Make Me Taller, Anne

Soon I'll have legs like this
Before I started my first ever Pilates session with Anne, the wise and wonderful friend training to become a certified Pilates maven, I had a few key questions.  I was a virgin, Pilates-wise, about to climb onto something foreign.  I wanted to know what I was getting into.  "What the hell is that?" I asked, in my generally demure way.  "It's called the Reformer," Anne said, unaware of how many questions I was going to hit her with during the next hour.  She went on to tell me about Joseph Pilates, adored by dancers for his stretching and strengthening exercises, conducted on machines with funny/disturbing names:  The Cadillac.  The Electric Chair.  "So Pilates is all about torture," I said.  "Not at all," Anne said.  Whereupon I challenged her to convince me, otherwise, and she did a splendid job, positioning my feet and my legs and telling me to use my powerhouse!  She taught me how to breathe -- apparently, I've been doing it wrong all these years -- and how to twist this way and that, how to squeeze my massive glutes and engage my scalpula.  "So I'm going to have long legs after we're done today?"  I asked her.  "Maybe not today," she said, "but I've grown half an inch since I started doing Pilates."  "I'll take it.  Make me 5'2"."  "Okay," she said.  "Can I get that in writing?"  "No," said Anne.  Smart girl.  I hit her with another question.  "Why do I have so much tension in my neck, Anne?"  "You're Jewish.  It's genetic.  That's where our tension goes.  Straight to the neck.  We can't help it."  "I never knew that.  What else have you been keeping from me?"  She smiled and told me to straighten my legs and spread my toes and do other things my body objected to, but I did them anyway.  "I can't divulge all my secrets in the first session," she said.  Nice way to get me to keep coming back.  If I'm going to get taller, it might take awhile.

Tuesday, November 15, 2011


Eenie meenie chili beanie, the spirits are about to speak.
I'm not even at the end of my driveway and there she is, that lady with the big dogs. They're going wild, barking and lunging forward, and she's yelling at me.  "Hi!" she calls from across the street.  "Does your dog wanna play with my dogs?"  And now Dusty is going wild, barking and lunging forward.  "Uh, no," I say.  Dusty gives me a look.  What's wrong with me?  Of course he wants to play.  He's a dog.  He doesn't care if things get out of hand.  "Why not?" the lady calls.  There's so much barking and growling, I can barely hear her.  I can't think of a good answer, other than, "Go away," so I say nothing.  Maybe she'll get the message.  She doesn't. "Wossamotta?" she asks.  "Why doesn't your dog wanna play with my dogs?"  "It's, just..." my voice trails off.  Hers revs up again.  "You know, they played with your neighbor's dog the other day and they all had a good time."  What is the etiquette here? Do I tell her, nicely, she's a pain in the butt, stop asking me the same thing every time I see her?  Do I tell her I'm not letting her dogs anywhere near my precious 9 year old pup?  I don't.  I try this, instead.  I pull out an old excuse I haven't used in at least 17 years, a standard from the preschool era, when the youngest was three.  Moms would call, dangling invitations, and he'd never want to go anywhere.  Not to a birthday party.  Not to anything.  It could get awkward.  Over time, I figured out a nice way to say no thankie.  So I give it a shot now:  "I'm really sorry," I yell, over the bark-a-thon, "but my dog just doesn't do play dates.  He's very shy.  It's hard for him.   But maybe when he's a little older and can handle it."  With that, I hurry down the street, tugging on Dusty's leash, hoping that settles it, and she'll never bother us again.  But I know she will.  I know there's another "Wossamotta?"in my near future.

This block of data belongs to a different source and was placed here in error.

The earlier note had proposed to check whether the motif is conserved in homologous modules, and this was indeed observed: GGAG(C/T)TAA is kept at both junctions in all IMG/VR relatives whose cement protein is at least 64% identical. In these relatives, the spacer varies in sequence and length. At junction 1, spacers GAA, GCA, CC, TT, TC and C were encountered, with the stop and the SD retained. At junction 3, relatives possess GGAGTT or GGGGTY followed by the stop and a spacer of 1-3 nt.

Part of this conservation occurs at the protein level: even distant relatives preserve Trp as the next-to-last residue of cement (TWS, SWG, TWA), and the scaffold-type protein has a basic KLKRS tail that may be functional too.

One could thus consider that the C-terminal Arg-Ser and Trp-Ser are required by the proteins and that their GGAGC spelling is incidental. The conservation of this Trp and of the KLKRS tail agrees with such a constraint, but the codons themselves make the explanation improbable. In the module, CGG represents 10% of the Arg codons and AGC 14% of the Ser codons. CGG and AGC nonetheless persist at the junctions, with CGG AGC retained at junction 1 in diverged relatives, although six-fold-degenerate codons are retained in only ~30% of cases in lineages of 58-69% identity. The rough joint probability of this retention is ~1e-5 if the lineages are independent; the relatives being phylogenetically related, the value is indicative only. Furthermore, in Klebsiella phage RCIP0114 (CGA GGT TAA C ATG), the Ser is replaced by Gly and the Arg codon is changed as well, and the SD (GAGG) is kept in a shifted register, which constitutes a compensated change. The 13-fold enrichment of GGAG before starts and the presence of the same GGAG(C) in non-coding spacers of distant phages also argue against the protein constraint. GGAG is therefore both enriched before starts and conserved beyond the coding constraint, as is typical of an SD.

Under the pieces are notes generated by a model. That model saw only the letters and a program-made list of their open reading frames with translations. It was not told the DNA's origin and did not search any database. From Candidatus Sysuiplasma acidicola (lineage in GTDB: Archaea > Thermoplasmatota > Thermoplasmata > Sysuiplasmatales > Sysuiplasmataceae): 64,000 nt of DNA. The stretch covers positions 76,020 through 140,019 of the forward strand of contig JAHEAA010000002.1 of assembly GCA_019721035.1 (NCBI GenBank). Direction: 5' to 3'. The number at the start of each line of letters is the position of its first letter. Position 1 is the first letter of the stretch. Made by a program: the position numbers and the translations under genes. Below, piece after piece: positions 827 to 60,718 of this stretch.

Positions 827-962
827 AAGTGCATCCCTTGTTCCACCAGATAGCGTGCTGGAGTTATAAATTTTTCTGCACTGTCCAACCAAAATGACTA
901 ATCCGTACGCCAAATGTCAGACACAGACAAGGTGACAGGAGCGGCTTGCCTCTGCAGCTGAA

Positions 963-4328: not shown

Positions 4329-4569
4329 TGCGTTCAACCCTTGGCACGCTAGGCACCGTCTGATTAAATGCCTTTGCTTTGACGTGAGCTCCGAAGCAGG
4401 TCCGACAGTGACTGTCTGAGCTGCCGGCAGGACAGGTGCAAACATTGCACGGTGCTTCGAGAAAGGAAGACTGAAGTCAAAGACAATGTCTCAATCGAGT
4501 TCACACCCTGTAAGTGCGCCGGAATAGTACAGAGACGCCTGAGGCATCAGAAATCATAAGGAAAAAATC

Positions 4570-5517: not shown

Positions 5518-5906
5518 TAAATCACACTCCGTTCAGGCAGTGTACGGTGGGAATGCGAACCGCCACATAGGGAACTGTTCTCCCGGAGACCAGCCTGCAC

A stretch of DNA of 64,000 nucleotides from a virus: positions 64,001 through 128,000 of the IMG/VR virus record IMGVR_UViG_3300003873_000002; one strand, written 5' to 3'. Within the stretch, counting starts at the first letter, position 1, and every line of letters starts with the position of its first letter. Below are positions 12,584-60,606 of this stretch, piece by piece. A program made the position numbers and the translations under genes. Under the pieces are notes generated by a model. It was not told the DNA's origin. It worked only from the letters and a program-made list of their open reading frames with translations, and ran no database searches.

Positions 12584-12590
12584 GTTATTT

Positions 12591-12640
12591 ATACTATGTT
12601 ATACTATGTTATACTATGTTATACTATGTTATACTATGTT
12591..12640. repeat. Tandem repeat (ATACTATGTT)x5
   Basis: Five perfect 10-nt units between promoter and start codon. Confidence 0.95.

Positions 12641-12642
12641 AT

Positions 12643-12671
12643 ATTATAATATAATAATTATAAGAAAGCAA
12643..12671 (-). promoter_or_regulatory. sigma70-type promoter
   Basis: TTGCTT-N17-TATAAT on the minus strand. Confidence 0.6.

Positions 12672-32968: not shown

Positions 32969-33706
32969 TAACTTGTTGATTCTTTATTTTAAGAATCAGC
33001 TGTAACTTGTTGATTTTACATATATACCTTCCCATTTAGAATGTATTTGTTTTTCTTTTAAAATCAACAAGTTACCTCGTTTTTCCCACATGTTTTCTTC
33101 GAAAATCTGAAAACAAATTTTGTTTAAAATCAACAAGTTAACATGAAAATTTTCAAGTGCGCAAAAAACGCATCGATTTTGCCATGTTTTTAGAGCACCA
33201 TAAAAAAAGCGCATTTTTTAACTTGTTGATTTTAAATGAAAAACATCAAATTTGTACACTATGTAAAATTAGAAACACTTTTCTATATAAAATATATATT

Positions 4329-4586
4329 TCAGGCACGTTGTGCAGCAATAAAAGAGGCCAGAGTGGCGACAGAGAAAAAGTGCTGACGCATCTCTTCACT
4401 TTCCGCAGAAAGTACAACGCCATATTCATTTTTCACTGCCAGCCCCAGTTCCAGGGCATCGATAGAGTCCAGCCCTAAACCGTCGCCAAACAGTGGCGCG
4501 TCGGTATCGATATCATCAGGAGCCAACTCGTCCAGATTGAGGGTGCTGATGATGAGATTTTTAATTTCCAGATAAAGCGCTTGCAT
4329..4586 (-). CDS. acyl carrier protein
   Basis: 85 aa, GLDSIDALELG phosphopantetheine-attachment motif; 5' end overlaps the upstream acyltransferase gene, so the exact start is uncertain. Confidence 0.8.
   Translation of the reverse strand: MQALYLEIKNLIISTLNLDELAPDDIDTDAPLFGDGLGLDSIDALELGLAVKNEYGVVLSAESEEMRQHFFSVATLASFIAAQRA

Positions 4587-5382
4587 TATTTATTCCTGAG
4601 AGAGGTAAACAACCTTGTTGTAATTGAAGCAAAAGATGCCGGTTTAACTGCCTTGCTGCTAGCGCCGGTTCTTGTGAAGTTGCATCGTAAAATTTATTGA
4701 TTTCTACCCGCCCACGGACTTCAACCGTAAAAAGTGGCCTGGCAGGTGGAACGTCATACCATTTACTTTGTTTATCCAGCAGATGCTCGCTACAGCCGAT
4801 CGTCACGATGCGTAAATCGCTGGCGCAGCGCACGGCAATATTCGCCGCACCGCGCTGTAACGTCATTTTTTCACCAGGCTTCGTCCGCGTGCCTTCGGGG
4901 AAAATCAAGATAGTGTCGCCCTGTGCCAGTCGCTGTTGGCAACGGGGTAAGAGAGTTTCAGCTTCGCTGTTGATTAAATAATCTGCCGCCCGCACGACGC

Monday, November 14, 2011

Communication Made Easy

Since the arrival of my smarty-pants phone, I've discovered a new way to communicate with my sons.  Some days, we simply swap emoji-icons.  The eldest downloaded this app for me, full of more than smiley faces.  Much more.  Flowers, hearts, coffee cups.  High-heels, airplanes, hand gestures.  It's the best cut-to-the-chase technique for a worrier like me.  If I text the college boy, "How did the quiz go?" and get back a row of happy faces, I'm ecstatic.  A row of sobbing faces means I better get on the next plane north.  For an over-reactor like the SJG, emojis can be a little dangerous.  Some times, I need hubby to talk some sense into me.  "Honey, I just got a frantic emoji from Santa Cruz.  I'm heading to the airport."  At which point, he talks me off the ledge and I unpack.  Some days, the working son sends me a random series of emojis that tell me his state of mind.  A coffee cup means he's tired.  A slice of cake means it's someone's birthday in the office.  An airplane means he wants to move to New York, where he just spent a week, and found the female population far superior to the one in Los Angeles.  I answer his airplane with the most unhappy face I can find, my way of saying, "Leave and I'm going with you."  Come to think of it, the Japanese emojis are a bit limited, from my emotional standpoint.  So I'm coming out with own app:  Emoji-Oy-Cons, perfect for mothers everywhere.  The faces show a broader range of hysteria, worry and fear.  It'll be out in time for Hanukkah.  Enjoy!

Sunday, November 13, 2011

If You Can't Say Something Nice

What fun is that?